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Hollywood

Well, that’s interesting.

I’m currently having a fascinating conversation on Twitter with some fellow Whovians discussing the big reveal today for the 13th regeneration of Dr Who.

We’ve got the usual posts and suggestions for a female Doctor or a Black Doctor but I suggested the possibility of a Disabled Doctor.

And I got this instant response ‘Get what you’re saying, but why would the Doctor’s regeneration leave him with a disability? Unless it went wrong, future story perhaps?’.

My hackles were raised – doesn’t this reply indicate the issue in a nutshell – ‘unless it went wrong’.

This implies disability is bad.

How about equality?

If a Black Dr or a Female Dr or an LGBT Dr is not a stretch, why would having a Disabled Dr mean that something went ‘wrong’? Where’s the big issue here? What’s the difference?

A friend has pointed out that the Doctor goes to places throughout the universe and, in that case, for some races/groups of Aliens, couldn’t being regenerated as a human be seen as something going ‘wrong’? If those aliens saw having six legs, two heads or wings and a tail as ‘normal’ then, being regenerated in human  form as completely wrong. If the Doctor regenerated as a Dalek, Cyberman or Sontaran then, for humans, that would be ‘wrong’ but for another Dalek, Cyberman or Sontaran it would be right and nothing to comment upon. Being human, in that instance, would be the abnormality.

I think this is actually yet another example of many people’s inability to deal with the concept of disability as just an alternative form of ‘normal’ . People don’t like to think of disability as anything else apart from being ‘wrong’ when it’s actually their attitude that’s wrong. If I’m out and about with a group of other wheelchair users, we’re our own normal and any upright or walking companions are the ones who are different. A group of hearing impaired people chatting away using BSL are no different from a group of French or German people speaking their own native tongues to one another, they just can’t hear the words or voices, rather, they just see them instead. Visually impaired people reading books with their fingers, in Braille, are not doing it wrong, they are just doing it as an alternative form of right, just as people who are not visually impaired reading print or handwriting is right.  We’re still seeing non-disabled actors ‘cripping up’ for roles in films as disabled characters. We have heard, only this week, of people being unsure about talking to disabled people in case they offend us. We’re seeing paralympic athletes being seen as ‘superhuman’, ‘brave’ and ‘inspirational’. Why? Disabled people are, after all, just people, we’re just people who are different in some way to what is perceived by the majority to be ‘normal’. There is nothing ‘wrong’ with any of us, we’re all just different and it’s time to start seeing ‘different’ as ‘normal’. We need to start seeing people just as people, regardless of their gender, sexuality, colour or disability. Sure, the Doctor recently had a storyline where he was blind for a couple of episodes, but he got ‘better’. Baby steps in the right direction but we’re nowhere near ‘there’ yet.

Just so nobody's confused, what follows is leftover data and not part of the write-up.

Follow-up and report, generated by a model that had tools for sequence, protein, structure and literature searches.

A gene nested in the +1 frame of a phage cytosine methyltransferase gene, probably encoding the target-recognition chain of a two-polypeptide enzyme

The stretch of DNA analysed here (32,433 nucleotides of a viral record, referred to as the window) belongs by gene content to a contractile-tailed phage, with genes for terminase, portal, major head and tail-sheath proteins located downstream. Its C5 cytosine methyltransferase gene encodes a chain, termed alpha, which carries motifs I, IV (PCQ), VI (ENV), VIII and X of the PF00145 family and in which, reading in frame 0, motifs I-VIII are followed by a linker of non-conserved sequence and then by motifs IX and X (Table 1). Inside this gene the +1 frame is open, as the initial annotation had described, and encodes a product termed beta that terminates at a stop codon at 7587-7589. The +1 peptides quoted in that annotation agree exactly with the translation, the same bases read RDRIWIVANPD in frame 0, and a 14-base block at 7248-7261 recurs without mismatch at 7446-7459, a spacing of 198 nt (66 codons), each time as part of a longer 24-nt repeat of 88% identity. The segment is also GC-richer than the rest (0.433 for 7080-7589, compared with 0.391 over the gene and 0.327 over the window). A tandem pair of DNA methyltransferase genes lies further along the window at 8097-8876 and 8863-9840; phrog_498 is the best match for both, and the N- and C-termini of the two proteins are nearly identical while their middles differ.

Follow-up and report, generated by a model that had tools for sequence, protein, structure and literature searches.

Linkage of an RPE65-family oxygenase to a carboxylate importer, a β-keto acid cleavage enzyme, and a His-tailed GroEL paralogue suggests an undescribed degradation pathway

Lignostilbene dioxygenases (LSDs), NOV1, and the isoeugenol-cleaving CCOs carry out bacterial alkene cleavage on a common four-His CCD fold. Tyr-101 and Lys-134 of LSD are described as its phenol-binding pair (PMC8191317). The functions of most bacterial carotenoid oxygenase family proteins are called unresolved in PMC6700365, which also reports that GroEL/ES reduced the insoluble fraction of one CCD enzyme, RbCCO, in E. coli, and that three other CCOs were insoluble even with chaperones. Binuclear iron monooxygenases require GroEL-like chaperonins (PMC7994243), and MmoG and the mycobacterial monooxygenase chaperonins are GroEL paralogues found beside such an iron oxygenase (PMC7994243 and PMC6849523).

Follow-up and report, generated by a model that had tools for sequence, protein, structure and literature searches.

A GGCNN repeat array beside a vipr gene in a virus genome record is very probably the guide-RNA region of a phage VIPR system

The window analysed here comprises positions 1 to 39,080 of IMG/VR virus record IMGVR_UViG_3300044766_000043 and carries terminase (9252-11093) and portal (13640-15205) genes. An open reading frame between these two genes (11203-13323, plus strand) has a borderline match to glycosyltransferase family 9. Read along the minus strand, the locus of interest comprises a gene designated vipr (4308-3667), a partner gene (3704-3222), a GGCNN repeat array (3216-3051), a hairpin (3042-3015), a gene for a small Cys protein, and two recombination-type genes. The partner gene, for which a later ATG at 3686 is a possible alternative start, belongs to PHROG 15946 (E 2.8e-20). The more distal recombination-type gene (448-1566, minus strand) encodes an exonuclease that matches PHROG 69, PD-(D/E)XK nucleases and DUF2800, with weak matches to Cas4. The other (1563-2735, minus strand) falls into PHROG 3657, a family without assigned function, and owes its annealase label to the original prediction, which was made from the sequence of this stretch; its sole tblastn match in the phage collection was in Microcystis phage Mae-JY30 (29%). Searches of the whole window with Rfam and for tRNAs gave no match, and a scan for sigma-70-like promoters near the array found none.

So, do I think we’ll get a disabled Dr for number 13? Almost certainly not. I still don’t think  people are ready for it. Dr 13 my well be Black, they my well be female but I think we’re still going to be waiting for a disabled Doctor until regeneration 14, 15 or 16. It will happen, I’m convinced that it it will, eventually, happen but probably not today.

But I’ll still be watching, I couldn’t not…

Ok, Hollywood centred rant coming up….

There is a new film around that has really rattled my cage and made me angry.

‘Me Before You’.

This block-buster film is due out next month, release date in the UK 3rd June.

I have two major problems with it.